I hate to keep bringing it up, but Karl Marx predicted something like this would happen back in the mid-19th century. The right-wing is SO out of touch with what works because they’ve been trained that way. Capitalism will indeed destroy itself by its own hand. How utterly stupid.

    I’m glad I’m old.

  10. Stan. I doubt if there is any religion that believes in freedom of religion for anyone but themselves. Individuals, yes, but not organized religion. After all, if you believe RELIGIOUSLY that you are right, why wouldn’t you want your beliefs to trump all others?

  11. “Statism” was the policy cry of the Confederate States. What the Right is trying to do is create a Confederate government in the 21st Century.
    We fought a war over that, I believe.

  12. Under capitalistic American statism, corporations own the the government (instead of vice versa) and create an American Taliban to subjugate the populace and clothe their destructive exploitation of people and the planet in their patriarchal morality.

  13. As near as I can tell, everyone wants freedom. The question is to whom do we trust power to guarantee that freedom, and do we believe that to be freedom at all, it must be freedom for all?

    For liberals, a coalition of interests united by the same aspirations, the answer is: 1) Constitutional government power protecting equal rights for everyone, created and enforced by those elected regularly and reliably by the governed.

    For the right, a coalition of interests united by a belief in the same means, the answer is: power/wealth unequally distributed and limited only by the need to protect the current order.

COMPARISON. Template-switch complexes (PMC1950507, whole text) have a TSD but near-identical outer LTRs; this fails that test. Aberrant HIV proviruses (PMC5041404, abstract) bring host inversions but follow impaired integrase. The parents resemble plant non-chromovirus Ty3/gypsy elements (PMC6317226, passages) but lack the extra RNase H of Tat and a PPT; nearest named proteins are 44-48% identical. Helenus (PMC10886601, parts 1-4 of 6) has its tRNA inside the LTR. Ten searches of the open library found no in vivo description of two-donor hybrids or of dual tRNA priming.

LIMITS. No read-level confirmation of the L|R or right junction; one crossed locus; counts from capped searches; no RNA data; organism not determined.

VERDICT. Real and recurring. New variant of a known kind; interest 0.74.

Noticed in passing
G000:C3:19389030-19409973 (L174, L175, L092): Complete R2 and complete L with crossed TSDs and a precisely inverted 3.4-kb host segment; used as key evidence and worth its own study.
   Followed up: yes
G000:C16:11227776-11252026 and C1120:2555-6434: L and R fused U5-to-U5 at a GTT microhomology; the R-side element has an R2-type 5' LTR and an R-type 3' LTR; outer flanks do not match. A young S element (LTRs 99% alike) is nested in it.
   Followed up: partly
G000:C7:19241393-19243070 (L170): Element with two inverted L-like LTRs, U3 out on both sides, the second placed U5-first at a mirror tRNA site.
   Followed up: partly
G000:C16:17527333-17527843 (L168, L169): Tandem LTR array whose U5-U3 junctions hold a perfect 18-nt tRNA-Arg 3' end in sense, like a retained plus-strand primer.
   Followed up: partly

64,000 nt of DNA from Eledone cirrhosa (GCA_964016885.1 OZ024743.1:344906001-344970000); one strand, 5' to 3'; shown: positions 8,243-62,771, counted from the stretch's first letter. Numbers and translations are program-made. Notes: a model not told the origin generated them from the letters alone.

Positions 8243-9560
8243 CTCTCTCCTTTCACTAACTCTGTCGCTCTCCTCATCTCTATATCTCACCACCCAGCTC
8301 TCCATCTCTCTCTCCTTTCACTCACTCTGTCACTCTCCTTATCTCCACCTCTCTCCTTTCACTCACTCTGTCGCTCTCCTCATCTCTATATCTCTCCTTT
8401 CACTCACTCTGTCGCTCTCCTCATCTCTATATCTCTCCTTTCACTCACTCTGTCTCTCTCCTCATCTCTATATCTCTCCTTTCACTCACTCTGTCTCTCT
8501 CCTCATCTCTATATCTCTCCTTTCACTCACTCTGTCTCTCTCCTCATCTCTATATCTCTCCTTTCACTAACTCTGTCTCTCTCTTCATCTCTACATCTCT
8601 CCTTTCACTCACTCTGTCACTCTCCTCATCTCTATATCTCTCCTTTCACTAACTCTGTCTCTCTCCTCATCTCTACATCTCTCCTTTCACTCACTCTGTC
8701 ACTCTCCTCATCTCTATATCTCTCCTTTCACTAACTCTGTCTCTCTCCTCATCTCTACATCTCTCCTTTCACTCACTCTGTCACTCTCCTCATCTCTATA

Apparently, human culture is the endless struggle between interest groups separated by belief in one or the other protection schemes.

  14. It seems the moral of this story is beware the “true believer.” We all know how dangerous these people are. The only question that remains is how do we get that turned off bloc of citizens who don’t vote to understand how much is riding on every vote and motivate them to finally just VOTE!

  15. Fundamental to our liberal democracy is the acceptance of the long-term power of the Constitution as a design for a government that will always be limited, adequate, and relevant if we the people so choose by our election of temporary representatives to government. The means of government are paramount. The right believes in a more flexible arrangement of power that is necessary to maintain the current order. The ends of government are paramount.

  16. It is unfortunate and sad that many of those under 40 couldn’t care less as long as they can drink cocktails/craft beers, get “likes” and be left alone (free) to do whatever they please.